Toward understanding, she interviews psychiatrists and neuroscientists. She returns to her California hometown, San Jose, to speak to former classmates and teachers about the parental abuse she remembers as being rampant in her diverse immigrant community. Foo, whose parents are Malaysian, proposes that this abuse is the shadow side of the “model minority” stereotype: “I am a product of place,” she writes. “All of us are victims of a dysfunctional community that was very good at throttling itself while murmuring: ‘Smile through your tears. Swallow your pain.’”

Toward healing, Foo quits her stressful job at “This American Life” and tries everything from eye-movement therapy, or E.M.D.R., to yin yoga, acupuncture, breathwork, sound baths, gratitude and hallucinogens. Some chapters feel overstuffed with summarized therapeutic activities. But there are also many profoundly affecting moments such as when, during an E.M.D.R. session, Foo tells her child-self, “Just remember that eventually you will be loved, I promise.” And she will be. In the book’s final section, we see Foo get married, surrounded by her chosen family, “flawed and still growing but full of light nonetheless.”

In the essay collection YOU’VE CHANGED: Fake Accents, Feminism, and Other Comedies From Myanmar (214 pp., Catapult, $26), Pyae Moe Thet War reflects on the historical, political and social forces that have affected her feelings about her native country, culture, language, body and more.

Across two essays she lucidly examines her fraught relationship with her own name. “Myanmar families typically don’t have shared last names,” she writes, “and we never have middle names,” a reality that confuses many Westerners. Her legal name, Moe Thet War, is one whole name, not meant to be divided into parts. But people close to her call her Pyae Pyae, a name many foreigners struggle to say correctly — first at the international school she attends in Myanmar’s then-capital of Yangon, then at college in the United States and graduate school in England. As a student, she considers using a Western nickname, and realizes that she has unwittingly begun to mispronounce Pyae Pyae herself in order to “cater to my white teachers,” offering an intimate and powerful example of how postcolonialism and globalization fracture identities.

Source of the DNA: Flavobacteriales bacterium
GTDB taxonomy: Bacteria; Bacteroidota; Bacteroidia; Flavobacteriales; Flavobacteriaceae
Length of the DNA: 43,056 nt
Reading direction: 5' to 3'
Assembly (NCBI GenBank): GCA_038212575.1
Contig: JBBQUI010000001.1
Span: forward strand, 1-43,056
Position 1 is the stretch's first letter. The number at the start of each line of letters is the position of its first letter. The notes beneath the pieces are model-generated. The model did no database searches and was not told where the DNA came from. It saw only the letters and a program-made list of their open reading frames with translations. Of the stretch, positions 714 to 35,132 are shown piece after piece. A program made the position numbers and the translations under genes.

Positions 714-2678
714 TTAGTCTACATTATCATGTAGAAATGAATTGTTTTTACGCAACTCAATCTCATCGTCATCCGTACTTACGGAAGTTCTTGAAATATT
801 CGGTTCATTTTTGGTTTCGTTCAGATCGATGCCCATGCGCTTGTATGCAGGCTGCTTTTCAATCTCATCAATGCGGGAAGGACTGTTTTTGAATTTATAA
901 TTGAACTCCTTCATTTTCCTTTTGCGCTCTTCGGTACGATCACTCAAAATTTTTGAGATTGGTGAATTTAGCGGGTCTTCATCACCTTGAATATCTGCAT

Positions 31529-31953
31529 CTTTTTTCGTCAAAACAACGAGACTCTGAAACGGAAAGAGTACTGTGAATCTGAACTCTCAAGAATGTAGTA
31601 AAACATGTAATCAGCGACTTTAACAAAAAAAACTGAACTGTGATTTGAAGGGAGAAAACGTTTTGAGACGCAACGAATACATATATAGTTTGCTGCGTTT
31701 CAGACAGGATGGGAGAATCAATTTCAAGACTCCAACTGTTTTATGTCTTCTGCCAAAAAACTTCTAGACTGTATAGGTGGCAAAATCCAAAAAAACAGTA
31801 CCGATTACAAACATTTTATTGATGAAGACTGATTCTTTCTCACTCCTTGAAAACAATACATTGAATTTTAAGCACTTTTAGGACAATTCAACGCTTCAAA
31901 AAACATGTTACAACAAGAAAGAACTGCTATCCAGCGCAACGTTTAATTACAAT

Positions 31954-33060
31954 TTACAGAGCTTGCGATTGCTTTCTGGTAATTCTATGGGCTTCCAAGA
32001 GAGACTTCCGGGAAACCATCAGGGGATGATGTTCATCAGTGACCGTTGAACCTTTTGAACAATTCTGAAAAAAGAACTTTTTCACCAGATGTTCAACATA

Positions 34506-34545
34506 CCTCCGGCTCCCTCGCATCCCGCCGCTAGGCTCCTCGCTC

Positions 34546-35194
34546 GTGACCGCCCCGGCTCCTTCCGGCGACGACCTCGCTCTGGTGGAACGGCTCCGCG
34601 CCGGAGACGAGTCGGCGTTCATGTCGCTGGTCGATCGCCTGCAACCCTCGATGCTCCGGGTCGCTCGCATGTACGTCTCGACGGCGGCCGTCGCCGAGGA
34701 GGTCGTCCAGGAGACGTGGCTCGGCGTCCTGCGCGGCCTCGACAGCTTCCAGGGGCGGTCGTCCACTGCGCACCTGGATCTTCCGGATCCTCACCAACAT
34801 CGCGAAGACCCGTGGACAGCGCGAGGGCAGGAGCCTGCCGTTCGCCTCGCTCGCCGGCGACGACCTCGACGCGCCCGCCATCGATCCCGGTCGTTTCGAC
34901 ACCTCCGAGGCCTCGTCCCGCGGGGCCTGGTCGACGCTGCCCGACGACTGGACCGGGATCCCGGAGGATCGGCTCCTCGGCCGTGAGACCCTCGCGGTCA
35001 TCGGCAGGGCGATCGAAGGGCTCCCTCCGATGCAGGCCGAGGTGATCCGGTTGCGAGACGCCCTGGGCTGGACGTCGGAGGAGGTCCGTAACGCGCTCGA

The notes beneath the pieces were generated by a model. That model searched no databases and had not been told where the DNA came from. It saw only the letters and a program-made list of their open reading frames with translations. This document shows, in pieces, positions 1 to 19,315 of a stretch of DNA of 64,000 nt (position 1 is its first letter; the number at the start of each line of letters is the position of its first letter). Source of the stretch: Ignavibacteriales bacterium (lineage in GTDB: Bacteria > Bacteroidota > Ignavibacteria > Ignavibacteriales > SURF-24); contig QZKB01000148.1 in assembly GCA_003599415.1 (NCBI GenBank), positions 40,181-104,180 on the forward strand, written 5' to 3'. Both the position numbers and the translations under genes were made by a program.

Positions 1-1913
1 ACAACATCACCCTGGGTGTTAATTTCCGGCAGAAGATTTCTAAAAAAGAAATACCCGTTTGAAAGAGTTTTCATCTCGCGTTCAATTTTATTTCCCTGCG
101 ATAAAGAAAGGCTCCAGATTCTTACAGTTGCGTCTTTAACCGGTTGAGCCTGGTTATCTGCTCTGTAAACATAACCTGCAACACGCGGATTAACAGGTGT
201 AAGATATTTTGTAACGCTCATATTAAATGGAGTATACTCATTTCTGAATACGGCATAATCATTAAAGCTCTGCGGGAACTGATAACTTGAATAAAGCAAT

Several other essays cannily use food as a lens through which to explore racism, body-shaming and societal expectations based on nationality. Is the author’s passion for Western baking the result of internalized racism? Should she be ashamed of not knowing how to whip up curries like her grandmother? How can she reconcile the fact that “to be Myanmar means to love rice” with the scrutiny and criticism she endures for eating too much of it? “Women are consistently accused of being hangry,” she writes wryly, “but of course we get hangry. Look what you’ve turned us into.”

Some essays end too neatly. A contemplation of how cultural and family pressures, immigration policy and love of home doomed a long-distance relationship closes with: “We just couldn’t get our paperwork in order.” But these are only minor detractions from the lovely complexity of a fresh and insightful debut.


Nadia Owusu is the author of “Aftershocks.”

Categories: books

Leave a Reply

Your email address will not be published.